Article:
Many of us working from sociological and cultural perspectives on literacy education have tried to change the subject of the great debate, to shift it sideways. We have argued that there is no ‘right’ way of teaching reading and writing, but that different curricular approaches – and their attendant textbooks, classroom events, assessment instruments and adjunct materials – shape literacy as social practices differently. The ways that literacies are shaped have uneven benefits for particular communities and, unfortunately, the outcomes of literacy teaching continue to favour already advantaged groups in these communities. The matter thus is not one of finding the right and correct scientific methods of teaching literacy and ‘targeting’ these at marginalised groups. Rather it is about reconstructing and realigning the ‘selective traditions’ of curriculum, instruction and assessment in ways that better address the knowledges, practices and aspirations of communities most at risk in the face of the new technologies and economic conditions.

III. a tisket a tasket... text

Along with method, what also gets a bit sticky is the idea of text.

The new critics would tell us to look no further than the marks on the page: "New Critics treat a work of literature as if it were a self-contained, self-referential object" (Think epic.) David Coleman refers to this as the four corners of a book.

These are pithy statements, but are they true?

What constitutes a text? Is it merely marks made within the four corners of a text?  Can it be confined to the page, or even the page and you? Is this 'the' site for meaning making?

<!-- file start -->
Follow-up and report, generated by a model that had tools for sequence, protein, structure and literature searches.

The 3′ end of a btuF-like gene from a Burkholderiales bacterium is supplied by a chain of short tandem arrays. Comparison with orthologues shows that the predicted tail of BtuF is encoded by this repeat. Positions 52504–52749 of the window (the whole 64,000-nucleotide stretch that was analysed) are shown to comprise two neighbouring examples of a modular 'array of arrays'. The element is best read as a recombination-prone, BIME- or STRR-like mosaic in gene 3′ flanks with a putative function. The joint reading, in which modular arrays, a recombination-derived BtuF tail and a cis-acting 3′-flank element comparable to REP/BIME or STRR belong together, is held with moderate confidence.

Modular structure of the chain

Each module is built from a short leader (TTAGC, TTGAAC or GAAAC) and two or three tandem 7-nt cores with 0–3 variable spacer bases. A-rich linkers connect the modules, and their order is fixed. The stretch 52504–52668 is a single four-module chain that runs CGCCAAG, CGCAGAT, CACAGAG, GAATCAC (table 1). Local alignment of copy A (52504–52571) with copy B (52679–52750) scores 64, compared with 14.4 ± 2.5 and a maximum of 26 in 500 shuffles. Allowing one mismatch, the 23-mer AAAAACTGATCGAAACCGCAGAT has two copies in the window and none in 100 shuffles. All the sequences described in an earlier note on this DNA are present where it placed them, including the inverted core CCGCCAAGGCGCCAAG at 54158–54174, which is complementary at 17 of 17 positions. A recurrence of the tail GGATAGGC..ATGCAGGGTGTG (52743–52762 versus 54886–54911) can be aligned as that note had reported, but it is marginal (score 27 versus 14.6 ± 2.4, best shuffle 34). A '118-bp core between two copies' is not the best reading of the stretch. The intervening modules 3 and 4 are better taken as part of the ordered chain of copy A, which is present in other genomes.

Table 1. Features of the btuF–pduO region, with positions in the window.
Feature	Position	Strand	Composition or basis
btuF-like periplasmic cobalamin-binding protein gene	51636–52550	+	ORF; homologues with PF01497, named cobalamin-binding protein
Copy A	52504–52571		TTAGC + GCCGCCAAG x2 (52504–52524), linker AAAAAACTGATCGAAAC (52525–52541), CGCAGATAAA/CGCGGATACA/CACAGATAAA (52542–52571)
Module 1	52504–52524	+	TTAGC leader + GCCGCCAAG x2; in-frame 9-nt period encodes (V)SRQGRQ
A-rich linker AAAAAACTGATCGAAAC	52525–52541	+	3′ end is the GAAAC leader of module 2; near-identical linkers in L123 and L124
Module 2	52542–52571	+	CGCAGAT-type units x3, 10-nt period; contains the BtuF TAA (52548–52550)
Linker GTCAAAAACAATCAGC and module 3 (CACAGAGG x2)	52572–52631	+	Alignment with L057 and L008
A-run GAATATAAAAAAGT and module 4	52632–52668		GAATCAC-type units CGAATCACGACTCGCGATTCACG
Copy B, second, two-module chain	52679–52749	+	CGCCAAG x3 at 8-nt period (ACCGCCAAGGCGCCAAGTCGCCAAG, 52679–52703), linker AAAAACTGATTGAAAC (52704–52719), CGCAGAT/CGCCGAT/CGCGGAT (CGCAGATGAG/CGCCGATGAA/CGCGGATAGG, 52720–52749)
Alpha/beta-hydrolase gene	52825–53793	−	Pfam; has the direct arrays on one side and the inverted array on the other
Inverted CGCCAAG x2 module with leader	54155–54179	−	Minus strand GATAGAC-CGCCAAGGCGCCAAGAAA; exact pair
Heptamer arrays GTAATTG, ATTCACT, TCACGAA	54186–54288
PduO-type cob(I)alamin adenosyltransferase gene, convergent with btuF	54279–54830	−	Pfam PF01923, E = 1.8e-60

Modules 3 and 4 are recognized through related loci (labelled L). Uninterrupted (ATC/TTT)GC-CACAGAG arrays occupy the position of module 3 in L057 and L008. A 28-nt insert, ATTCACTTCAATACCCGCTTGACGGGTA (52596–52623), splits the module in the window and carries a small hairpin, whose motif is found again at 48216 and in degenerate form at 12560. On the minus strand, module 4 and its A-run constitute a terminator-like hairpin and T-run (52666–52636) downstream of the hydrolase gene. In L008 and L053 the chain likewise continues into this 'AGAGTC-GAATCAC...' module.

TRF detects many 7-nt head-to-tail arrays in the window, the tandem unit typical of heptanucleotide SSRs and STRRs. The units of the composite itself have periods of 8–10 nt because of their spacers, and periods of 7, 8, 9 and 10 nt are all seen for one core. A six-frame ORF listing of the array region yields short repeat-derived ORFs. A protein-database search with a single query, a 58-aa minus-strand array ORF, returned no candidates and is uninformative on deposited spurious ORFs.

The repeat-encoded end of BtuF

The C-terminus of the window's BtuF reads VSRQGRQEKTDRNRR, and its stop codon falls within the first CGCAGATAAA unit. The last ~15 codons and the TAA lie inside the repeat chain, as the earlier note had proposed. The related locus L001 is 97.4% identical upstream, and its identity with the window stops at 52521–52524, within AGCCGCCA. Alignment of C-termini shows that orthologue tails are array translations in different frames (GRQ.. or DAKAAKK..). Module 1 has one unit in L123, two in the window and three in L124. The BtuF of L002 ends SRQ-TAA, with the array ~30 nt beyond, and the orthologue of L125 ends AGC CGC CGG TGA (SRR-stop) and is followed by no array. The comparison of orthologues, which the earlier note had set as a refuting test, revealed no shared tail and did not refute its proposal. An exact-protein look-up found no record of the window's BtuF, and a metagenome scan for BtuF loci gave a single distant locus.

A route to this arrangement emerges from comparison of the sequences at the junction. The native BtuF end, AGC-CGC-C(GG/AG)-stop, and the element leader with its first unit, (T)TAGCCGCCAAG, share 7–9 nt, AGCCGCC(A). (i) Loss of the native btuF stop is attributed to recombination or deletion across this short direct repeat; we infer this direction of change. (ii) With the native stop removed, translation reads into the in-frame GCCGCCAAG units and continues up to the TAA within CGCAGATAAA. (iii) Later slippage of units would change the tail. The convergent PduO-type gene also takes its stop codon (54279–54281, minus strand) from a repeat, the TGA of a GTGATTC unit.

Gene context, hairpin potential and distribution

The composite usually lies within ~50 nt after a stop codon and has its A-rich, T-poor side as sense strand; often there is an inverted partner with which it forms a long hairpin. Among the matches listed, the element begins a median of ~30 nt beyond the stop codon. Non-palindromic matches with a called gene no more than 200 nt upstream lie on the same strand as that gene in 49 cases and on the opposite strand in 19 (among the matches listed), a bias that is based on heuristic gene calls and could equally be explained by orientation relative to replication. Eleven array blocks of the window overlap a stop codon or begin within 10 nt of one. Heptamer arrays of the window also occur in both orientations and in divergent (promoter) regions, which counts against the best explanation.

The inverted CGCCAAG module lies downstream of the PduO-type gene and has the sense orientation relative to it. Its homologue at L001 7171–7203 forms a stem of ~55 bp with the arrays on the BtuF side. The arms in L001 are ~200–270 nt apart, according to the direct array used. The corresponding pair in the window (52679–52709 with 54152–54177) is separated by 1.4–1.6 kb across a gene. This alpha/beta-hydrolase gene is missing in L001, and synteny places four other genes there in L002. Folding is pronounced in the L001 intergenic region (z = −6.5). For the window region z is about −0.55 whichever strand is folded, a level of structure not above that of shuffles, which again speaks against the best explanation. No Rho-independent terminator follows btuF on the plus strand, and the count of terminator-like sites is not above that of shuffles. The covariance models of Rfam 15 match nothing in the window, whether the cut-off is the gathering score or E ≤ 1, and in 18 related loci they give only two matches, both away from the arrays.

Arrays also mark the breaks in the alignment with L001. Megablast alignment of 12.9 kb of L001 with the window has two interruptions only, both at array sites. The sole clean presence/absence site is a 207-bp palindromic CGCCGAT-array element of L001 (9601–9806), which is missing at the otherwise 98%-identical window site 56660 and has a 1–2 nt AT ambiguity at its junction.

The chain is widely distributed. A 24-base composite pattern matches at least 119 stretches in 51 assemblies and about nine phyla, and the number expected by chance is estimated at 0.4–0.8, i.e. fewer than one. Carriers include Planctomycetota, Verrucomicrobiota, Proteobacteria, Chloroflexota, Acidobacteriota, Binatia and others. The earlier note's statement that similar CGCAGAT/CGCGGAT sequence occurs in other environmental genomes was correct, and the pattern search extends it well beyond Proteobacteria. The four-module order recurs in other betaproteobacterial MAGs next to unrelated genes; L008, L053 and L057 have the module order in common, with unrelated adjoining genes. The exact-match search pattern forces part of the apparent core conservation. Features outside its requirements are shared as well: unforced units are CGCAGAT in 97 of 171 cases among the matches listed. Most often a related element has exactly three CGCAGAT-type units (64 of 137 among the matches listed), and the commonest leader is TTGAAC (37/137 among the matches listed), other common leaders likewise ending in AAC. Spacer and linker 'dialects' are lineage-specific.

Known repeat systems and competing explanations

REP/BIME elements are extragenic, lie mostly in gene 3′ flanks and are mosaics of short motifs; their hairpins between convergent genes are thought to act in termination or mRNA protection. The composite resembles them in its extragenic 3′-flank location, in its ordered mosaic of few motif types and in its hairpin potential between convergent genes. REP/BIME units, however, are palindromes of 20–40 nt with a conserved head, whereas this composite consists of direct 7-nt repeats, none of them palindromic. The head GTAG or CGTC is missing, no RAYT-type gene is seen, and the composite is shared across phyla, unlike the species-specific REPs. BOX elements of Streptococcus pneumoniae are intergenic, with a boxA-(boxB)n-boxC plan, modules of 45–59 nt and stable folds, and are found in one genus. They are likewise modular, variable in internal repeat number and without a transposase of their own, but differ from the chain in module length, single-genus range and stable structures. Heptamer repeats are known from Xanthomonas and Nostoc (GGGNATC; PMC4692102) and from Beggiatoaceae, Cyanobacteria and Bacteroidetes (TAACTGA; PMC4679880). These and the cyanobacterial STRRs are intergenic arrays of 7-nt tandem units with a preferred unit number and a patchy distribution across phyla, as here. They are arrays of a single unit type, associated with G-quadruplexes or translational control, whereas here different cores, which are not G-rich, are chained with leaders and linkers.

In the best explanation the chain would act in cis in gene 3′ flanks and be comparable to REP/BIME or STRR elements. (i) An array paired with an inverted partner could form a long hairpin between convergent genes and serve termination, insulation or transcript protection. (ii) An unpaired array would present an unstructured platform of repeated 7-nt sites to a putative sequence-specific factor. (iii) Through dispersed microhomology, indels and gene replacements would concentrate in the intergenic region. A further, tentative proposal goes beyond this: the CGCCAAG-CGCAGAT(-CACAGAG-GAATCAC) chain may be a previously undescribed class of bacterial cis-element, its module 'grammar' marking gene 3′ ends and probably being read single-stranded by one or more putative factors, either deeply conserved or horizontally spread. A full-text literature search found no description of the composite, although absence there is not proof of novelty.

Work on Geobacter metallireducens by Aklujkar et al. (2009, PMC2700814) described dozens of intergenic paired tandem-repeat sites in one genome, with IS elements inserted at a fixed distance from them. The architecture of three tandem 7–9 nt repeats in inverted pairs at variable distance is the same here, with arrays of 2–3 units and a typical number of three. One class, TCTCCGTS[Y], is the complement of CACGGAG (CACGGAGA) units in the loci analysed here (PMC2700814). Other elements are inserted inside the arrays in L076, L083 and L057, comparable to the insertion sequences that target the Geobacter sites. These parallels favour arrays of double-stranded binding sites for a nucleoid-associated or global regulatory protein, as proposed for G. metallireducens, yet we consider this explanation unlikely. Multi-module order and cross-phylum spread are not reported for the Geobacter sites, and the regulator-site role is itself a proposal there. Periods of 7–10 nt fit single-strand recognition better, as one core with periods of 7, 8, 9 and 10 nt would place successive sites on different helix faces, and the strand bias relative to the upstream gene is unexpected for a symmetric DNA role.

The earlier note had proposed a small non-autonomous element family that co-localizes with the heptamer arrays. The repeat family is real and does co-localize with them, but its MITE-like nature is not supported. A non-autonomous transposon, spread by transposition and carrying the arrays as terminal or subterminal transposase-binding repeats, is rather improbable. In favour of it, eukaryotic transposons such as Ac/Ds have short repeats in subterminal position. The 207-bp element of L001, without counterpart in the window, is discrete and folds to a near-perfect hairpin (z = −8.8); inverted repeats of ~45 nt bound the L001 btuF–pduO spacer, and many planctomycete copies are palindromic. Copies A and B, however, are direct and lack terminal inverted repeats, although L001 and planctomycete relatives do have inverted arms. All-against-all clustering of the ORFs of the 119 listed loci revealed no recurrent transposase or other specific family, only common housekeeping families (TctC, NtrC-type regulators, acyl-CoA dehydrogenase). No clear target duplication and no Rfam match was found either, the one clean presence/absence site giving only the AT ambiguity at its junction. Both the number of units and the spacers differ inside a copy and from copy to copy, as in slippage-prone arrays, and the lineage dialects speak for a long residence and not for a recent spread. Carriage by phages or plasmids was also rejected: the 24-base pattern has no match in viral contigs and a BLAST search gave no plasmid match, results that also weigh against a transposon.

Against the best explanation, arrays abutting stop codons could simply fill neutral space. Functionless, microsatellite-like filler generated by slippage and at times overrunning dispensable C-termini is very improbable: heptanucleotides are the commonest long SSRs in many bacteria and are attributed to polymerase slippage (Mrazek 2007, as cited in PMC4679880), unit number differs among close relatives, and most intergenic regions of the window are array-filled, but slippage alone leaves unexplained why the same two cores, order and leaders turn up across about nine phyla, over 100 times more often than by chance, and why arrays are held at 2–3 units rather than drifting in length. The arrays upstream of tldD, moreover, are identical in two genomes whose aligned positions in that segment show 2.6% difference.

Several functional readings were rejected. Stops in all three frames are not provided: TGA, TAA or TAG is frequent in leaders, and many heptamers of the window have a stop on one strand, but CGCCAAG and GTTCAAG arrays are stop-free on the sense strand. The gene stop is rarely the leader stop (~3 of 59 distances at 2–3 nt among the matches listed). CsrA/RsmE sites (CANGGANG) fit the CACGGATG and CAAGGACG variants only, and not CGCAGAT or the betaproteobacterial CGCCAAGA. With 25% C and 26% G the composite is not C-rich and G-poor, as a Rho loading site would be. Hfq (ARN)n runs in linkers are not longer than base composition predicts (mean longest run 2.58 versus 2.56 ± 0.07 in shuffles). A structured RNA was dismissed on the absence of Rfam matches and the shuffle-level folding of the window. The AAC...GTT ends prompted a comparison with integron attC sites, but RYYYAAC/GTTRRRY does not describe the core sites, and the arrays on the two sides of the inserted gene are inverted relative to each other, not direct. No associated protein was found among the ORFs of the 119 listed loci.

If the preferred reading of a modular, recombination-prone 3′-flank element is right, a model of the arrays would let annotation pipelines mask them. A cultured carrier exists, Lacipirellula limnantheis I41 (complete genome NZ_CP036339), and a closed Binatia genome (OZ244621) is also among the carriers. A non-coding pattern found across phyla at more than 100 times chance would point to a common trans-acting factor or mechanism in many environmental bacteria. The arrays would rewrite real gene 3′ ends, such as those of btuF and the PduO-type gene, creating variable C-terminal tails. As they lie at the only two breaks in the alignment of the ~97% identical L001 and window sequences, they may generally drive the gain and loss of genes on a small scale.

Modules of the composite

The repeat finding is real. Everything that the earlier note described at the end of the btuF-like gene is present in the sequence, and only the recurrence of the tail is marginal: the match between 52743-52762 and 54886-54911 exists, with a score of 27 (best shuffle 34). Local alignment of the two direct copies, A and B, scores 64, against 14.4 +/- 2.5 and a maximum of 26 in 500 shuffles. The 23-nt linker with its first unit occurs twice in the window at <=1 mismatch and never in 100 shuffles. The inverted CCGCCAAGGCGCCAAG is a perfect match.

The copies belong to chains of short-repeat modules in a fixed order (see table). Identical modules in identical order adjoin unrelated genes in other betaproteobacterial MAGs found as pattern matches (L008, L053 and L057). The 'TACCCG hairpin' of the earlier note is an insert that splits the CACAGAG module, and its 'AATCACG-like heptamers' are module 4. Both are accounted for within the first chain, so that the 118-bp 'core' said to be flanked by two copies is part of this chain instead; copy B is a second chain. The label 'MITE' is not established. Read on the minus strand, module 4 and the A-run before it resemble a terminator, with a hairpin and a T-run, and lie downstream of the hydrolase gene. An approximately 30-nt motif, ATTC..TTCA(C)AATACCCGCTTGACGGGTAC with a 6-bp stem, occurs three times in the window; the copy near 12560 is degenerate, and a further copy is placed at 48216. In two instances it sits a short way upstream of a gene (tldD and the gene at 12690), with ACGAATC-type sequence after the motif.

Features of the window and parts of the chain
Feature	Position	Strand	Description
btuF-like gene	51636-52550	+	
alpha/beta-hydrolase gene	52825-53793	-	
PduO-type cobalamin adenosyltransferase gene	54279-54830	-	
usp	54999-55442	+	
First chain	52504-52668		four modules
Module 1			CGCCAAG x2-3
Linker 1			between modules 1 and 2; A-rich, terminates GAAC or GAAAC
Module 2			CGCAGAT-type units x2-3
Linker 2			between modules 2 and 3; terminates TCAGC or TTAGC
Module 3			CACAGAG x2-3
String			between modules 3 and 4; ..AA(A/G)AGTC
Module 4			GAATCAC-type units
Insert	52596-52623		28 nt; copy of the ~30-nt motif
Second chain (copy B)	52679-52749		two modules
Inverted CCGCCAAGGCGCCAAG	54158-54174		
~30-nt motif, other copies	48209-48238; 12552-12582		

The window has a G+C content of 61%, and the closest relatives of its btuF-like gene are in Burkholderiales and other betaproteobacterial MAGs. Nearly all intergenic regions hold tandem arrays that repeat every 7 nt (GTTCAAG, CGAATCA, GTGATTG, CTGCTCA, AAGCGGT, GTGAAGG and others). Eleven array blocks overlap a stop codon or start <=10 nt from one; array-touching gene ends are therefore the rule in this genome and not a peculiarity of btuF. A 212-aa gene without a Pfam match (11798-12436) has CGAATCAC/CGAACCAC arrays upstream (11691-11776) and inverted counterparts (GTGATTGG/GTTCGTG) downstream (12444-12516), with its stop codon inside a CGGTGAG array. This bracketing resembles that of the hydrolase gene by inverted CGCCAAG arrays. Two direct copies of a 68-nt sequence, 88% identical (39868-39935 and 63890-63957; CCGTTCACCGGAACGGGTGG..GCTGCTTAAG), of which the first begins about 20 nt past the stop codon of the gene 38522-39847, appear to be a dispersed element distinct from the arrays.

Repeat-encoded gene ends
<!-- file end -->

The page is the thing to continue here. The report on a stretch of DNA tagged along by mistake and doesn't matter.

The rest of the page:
James Gee (2013) points out:

human intelligence and creativity, today more than ever, are tied to connecting— synchronizing— people, tools, texts, digital and social media, virtual spaces, and real spaces in the right ways, in ways that make us Minds and not just minds, but also better people in a better world.

So the text is an expression, a desire, a want  of connecting,  synchronizing readers, marks, sounds, images, gestures, and movements. I deeply believe that meaning is made, not found.

This is the poem that Louise Rosenblatt referenced: the art that happens when reader, text and intention meet.

IV. Here's A Body

So what does attending look like?
What does it sound like?
How does it move across a room? How do you stand inside it? Feel it?

(Shh. We mustn't forget we have bodies and sit about like big heads -- [thank you sir ken robinson for such a vital image]).

Again Gee (2011)

When a person has images, actions, goals, and dialogue to attach to words, they have an embodied understanding of those words. When they can only substitute other words, like definitions, in order to understand words, they have only a verbal understanding (Gee 2004).

So close reading is an embodied reading--it our intention to meet word with the physicality of self and know the first through the former.

The arts open such possibility, yes?

V.  Arts and Close Reading

Here's a partial list of arts-based ways of engaging the whole child in close reading.

  1. art conversation
  2. assemblage
  3. block a scene
  4. blogging
  5. book making
  6. build a scene/representation (legos, blocks, Minecraft, paper/pencil, camera)
  7. caption making
  8. cartooning
  9. chants
  10. charades
  11. choral reading
  12. clay modeling
  13. collage
  14. comics
  15. conduct
  16. creative movement
  17. critique
  18. cultural characters
  19. dance
  20. digitize x
  21. docudrama
  22. dramatic play
  23. dramatize
  24. draw 
  25. drawing around a body
  26. ethnodrama
  27. felt board (app too) retells
  28. fixing space
  29. found poems
  30. framing
  31. giving witness
  32. go gangnam style